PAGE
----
Many interesting phenomena in conversation can only be annotated as a subjective task, requiring interpretative judgements from annotators. This leads to data which is annotated with lower levels of agreement not only due to errors in the annotation, but also due to the differences in how annotators interpret conversations. This paper constitutes an attempt to find out how subjective annotations with a low level of agreement can profitably be used for machine learning purposes. We analyse the (dis)agreements between annotators for two different cases in a multimodal annotated corpus and explicitly relate the results to the way machine-learning algorithms perform on the annotated data. Finally we present two new concepts, namely `subjective entity' classifiers resp. `consensus objective' classifiers, and give recommendations for using subjective data in machine-learning applications.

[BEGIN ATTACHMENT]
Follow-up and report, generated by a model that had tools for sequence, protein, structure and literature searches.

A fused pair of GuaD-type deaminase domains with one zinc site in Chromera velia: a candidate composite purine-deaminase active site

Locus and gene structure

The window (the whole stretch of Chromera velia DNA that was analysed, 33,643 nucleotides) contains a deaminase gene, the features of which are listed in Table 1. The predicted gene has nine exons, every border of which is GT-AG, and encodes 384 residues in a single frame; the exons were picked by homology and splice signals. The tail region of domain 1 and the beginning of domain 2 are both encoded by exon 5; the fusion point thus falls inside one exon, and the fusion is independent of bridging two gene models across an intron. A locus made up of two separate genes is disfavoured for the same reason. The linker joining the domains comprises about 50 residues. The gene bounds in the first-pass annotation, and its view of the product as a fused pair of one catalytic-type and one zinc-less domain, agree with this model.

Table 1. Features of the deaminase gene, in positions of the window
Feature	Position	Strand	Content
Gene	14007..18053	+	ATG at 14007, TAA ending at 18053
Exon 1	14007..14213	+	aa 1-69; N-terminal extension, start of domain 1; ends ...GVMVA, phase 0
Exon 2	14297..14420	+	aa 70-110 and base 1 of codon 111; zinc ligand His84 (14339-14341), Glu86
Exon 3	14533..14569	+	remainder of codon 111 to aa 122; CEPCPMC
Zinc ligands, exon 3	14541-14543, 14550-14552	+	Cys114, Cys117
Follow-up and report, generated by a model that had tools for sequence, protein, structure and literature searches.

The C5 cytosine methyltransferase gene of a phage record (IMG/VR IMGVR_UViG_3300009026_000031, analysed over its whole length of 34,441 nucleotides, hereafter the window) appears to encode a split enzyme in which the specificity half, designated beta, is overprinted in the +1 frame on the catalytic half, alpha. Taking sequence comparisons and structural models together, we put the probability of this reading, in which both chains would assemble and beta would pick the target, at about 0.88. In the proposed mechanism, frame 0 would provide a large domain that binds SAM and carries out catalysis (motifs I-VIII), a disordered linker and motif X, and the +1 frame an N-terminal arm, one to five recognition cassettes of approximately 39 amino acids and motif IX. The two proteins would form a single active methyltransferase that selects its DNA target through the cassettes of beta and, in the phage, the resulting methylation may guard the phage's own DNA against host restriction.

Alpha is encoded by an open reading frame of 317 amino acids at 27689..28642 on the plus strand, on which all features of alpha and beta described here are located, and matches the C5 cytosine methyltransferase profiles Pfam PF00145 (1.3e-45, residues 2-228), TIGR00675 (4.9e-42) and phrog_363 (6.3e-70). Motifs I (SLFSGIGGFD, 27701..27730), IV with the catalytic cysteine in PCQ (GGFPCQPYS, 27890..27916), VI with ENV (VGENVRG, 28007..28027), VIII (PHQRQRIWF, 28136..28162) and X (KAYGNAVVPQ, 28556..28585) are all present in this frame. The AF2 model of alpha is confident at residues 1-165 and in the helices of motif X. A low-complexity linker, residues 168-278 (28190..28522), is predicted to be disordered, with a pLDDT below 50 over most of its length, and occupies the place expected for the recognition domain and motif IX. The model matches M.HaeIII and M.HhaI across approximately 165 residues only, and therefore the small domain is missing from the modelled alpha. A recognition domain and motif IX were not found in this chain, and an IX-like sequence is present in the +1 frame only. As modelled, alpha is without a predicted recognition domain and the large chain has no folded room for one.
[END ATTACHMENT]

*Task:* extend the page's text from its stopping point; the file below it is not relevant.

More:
|Publisher||Coling 2008 Organizing Committee|
|Workshop||Workshop on Human Judgements in Computational Linguistics, Coling 2008|
|Period||23/08/08 → 23/08/08|
|Other||23 August 2008|
- HMI-SLT: Speech and Language Technology
- EC Grant Agreement nr.: FP6/033812
- HMI-MI: MULTIMODAL INTERACTIONS